Hecker felt God was calling him to stand up for exploited immigrants in the city, so he and his brothers joined a faction of New York’s Democratic Party known as the Loco-Focos in order to try to achieve political change.
That faction ultimately failed to garner support from the city’s Democratic Party, and Hecker felt hopeless, wondering what his calling from God was.
Beginning to grow in a relationship with God in his 20s, Hecker had several mystical experiences in his dreams. In 1843 he wrote about a vision he had 10 months prior, according to his biography on the Paulist Fathers’ website.
That vision consisted of “a beautiful angelic, pure being and myself standing alongside of her, feeling a most heavenly pure joy,” Hecker wrote.
“And it was if our bodies were luminous and they gave forth a moon-like light, which I felt sprang from the joy that we experienced,” he wrote.
As he continued to search for where God was calling him, Hecker went to Boston to receive the guidance of an Anglican philosopher, Orestes Brownson, who encouraged the young man to join a suburban Boston community of scholars, writers, artists, farmers, tradesmen, and preachers with the purpose of searching for truth.
Not feeling satisfied, Hecker joined another scholarly community six months later near Harvard, Massachusetts, in July 1843. Still experiencing an internal spiritual struggle, he returned to his family in New York City one month later.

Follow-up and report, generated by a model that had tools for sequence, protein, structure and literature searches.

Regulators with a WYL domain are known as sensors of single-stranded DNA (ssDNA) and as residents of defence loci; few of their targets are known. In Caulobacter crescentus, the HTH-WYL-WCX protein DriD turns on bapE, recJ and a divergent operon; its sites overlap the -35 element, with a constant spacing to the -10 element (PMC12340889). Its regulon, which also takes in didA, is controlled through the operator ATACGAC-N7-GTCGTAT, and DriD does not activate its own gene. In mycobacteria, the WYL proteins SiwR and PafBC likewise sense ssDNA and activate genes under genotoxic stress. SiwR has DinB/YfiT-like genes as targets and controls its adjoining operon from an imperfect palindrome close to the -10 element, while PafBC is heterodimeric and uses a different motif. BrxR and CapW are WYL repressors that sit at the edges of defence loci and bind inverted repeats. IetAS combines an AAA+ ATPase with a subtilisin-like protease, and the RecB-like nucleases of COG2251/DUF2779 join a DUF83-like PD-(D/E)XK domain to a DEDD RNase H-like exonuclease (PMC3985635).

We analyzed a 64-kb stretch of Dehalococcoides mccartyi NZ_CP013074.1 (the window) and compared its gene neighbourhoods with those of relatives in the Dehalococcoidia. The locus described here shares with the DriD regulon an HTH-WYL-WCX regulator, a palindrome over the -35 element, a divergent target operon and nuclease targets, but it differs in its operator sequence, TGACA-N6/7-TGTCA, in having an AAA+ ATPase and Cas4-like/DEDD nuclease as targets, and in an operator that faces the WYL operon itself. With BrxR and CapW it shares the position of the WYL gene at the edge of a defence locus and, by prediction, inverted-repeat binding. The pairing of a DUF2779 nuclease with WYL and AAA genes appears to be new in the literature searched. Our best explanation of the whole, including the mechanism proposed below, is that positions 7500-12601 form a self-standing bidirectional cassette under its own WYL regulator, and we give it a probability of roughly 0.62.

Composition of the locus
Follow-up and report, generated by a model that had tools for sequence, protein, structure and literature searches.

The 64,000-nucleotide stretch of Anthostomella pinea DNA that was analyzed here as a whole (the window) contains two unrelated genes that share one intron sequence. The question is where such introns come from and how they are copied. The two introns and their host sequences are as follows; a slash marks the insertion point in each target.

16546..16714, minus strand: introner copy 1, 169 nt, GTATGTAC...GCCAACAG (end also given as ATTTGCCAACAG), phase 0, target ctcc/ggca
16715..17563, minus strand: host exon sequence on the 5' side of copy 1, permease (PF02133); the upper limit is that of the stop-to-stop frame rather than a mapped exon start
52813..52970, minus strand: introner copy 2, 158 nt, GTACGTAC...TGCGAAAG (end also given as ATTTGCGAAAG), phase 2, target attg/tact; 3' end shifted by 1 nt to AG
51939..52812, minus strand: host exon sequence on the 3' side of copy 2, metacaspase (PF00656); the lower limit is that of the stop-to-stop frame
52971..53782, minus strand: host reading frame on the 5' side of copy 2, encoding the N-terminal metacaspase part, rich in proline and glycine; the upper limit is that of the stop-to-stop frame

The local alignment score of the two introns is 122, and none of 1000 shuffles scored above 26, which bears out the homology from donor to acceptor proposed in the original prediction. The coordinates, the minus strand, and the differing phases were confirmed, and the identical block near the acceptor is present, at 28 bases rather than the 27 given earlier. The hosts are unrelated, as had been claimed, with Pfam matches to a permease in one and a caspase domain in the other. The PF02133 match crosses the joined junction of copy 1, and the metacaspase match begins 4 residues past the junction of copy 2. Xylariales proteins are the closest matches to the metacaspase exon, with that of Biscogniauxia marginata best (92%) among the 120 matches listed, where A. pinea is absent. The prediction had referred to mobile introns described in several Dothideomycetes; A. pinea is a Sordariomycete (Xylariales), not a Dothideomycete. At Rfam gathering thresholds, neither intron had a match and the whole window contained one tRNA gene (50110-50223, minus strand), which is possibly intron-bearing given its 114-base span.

Returning to work with his brothers, he refused to join politics after his experience in the Loco-Focos movement. Hecker also felt that politics and his work were a distraction to his meditation and prayer.
Eventually, Hecker decided he wanted to become a Christian minister but was conflicted on which denomination to join. He had narrowed down the choices to either the Anglican Church or the Roman Catholic Church.
Hecker consulted Anglican Rev. Samuel Seabury, rector of the Church of the Annunciation in New York City, and Catholic Archbishop John Hughes of New York.
After his meeting with Hughes, Hecker wrote in his diary that “the Roman Catholic Church is not national with us, hence it does not meet our wants, nor does it fully understand and sympathize with the experiences and disposition of our people. It is principally made up of adopted and foreign individuals.”
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Hecker reconsidered converting to Catholicism in 1844 when Brownson told him of his decision to join the Catholic Church.
Hecker consulted the Diocese of Boston’s then co-adjutor Bishop John Bernard Fitzpatrick and was moved by the meeting.
He was baptized on Aug. 2, 1844, by New York co-adjutor Archbishop John McCloskey, who directed him to grow in his spiritual life through daily Mass and prayer.
A zealous preacher
Struggling to determine in which order to become a priest, Hecker eventually chose the Redemptorists, or the Congregation of the Most Holy Redeemer. He sailed for Belgium for his formation in 1845.
Hecker was ordained a priest on Oct. 23, 1849, and began his priestly ministry in Liverpool, England. In 1851, he returned to New York City to serve in a newly established province of the order.